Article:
Knowledge from ME/CFS research and the emerging field of Long COVID must be shared and integrated

Knowledge from ME/CFS research and the emerging field of Long COVID must be shared and integrated

There are many highly qualified researchers and centres that need support to conduct these correlation studies. For example, Emerge Australia, in partnership with La Trobe University, manages Australia’s only ME/CFS Biobank. This partnership aims to expand Australia’s ME/CFS Biobank to include Long COVID samples, allowing researchers to compare patient cohorts. This will be a unique resource in Australia. 

Any new research would be more efficient and effective if researchers:

a) Don’t reinvent the wheel: use findings from ME/CFS research to inform research topics, design, recruitment and analysis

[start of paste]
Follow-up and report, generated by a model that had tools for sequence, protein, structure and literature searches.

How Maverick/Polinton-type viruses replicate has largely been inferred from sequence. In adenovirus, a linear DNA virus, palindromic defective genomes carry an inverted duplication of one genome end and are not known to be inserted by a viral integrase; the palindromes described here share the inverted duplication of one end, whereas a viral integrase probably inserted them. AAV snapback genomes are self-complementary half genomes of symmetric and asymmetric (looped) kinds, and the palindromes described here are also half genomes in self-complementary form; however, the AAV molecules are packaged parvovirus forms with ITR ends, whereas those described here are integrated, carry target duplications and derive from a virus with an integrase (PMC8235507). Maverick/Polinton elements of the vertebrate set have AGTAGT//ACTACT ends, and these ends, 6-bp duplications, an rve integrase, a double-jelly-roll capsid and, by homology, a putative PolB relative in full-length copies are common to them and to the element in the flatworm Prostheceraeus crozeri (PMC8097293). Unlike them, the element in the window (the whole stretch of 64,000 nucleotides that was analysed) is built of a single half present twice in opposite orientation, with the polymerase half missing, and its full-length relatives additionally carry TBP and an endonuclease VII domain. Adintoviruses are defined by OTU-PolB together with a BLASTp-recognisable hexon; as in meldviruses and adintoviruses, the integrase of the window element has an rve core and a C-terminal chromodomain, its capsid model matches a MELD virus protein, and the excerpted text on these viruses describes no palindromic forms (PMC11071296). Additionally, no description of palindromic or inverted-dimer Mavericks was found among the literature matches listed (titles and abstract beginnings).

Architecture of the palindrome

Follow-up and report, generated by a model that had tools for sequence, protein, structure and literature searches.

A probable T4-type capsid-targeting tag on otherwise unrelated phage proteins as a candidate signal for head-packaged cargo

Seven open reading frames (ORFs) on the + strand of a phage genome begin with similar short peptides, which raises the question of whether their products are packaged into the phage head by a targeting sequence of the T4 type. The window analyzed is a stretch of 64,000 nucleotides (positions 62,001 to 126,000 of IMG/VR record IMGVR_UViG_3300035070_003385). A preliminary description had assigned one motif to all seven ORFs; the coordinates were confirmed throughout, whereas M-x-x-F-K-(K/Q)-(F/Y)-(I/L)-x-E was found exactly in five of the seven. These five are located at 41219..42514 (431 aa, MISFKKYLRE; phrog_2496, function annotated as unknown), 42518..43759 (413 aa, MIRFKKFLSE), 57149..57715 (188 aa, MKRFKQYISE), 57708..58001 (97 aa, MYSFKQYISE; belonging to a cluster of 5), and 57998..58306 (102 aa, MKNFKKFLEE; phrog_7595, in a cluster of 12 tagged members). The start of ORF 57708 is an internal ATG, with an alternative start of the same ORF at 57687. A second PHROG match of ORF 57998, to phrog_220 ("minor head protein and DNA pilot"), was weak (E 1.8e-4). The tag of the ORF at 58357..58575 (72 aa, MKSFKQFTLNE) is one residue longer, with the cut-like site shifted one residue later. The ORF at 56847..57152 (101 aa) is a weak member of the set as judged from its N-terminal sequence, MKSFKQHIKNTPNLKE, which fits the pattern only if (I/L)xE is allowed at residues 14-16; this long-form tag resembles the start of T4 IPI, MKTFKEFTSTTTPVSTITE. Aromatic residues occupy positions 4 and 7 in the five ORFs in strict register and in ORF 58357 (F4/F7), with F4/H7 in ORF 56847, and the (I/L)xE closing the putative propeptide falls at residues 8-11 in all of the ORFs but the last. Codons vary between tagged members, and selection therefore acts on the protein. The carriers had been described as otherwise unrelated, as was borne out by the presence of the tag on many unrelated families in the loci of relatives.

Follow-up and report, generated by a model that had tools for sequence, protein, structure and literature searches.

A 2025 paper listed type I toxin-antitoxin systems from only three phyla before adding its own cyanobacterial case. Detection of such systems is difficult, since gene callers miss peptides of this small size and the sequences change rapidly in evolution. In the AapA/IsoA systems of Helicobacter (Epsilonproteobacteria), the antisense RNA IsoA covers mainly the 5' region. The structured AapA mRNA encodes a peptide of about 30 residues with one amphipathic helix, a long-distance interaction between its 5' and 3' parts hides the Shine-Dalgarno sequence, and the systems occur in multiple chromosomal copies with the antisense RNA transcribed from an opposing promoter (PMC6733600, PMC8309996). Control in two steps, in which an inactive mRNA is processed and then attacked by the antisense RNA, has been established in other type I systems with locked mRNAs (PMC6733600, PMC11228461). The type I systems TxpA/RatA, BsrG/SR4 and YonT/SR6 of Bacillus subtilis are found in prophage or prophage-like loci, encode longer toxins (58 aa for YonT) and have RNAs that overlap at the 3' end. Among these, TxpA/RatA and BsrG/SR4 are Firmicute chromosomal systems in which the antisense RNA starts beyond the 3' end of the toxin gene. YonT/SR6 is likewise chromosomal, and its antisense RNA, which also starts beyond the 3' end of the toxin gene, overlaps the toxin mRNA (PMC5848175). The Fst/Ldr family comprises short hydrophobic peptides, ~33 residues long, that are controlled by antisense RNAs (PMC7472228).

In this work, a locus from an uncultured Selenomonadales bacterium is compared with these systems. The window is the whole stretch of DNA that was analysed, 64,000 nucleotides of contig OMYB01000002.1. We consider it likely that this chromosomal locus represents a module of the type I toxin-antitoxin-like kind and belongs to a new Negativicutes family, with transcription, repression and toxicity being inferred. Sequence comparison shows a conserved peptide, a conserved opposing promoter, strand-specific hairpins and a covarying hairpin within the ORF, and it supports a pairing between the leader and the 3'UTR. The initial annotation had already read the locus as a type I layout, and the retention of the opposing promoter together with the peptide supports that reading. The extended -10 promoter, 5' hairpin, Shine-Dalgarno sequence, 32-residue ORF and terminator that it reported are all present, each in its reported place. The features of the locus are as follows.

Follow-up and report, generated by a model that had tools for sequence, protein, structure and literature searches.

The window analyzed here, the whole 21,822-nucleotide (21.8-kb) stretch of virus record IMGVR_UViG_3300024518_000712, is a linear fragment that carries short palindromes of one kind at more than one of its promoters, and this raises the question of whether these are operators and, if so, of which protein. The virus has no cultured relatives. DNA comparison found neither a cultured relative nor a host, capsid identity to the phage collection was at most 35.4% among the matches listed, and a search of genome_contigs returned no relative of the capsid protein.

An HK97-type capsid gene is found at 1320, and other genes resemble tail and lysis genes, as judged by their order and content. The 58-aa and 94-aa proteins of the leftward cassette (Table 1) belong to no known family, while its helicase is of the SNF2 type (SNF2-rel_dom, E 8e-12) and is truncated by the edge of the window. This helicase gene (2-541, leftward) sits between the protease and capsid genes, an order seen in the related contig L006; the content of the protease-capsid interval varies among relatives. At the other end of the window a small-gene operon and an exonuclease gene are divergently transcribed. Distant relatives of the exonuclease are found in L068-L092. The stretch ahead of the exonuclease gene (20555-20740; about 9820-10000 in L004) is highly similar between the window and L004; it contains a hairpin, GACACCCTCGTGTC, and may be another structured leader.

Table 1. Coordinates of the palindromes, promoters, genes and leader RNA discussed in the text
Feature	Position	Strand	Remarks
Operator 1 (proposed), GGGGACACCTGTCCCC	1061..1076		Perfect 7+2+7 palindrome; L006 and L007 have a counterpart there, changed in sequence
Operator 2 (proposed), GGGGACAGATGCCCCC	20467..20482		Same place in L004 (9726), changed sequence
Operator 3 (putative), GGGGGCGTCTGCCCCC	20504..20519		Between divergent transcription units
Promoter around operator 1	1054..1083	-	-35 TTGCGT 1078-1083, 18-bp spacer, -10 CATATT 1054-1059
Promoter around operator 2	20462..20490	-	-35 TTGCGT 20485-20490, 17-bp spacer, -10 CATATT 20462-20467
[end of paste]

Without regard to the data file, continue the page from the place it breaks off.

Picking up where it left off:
There is no need to start from scratch with Long COVID research. Existing findings from ME/CFS research can provide clear guidance for research into cause and treatment options. If treatments are found that help people with Long COVID, these are potentially applicable for people with ME/CFS [1]. People with ME/CFS should be used as comparison cohorts to people with Long COVID, in addition to healthy controls. 

b) Researchers should partner with ME/CFS and Long COVID patients to design, conduct and analyse research

Underfunded biomedical research lacking patient codesign has contributed to the poor health and wellbeing outcomes post-viral patients experience today. It has also contributed to a mistrustful relationship between patients, researchers and clinicians. ME/CFS and Long COVD research must involve patients in codesign and recruitment to ensure research efforts are not wasted and to deliver relevant and better outcomes.

[1] T. Wong and D. Weitzer. ‘Long COVID and Myalgic Encephalomyelitis/Chronic Fatigue Syndrome (ME/CFS)—A Systemic Review and Comparison of Clinical Presentation and Symptomatology.’ Medicina, 57:418 (2021).

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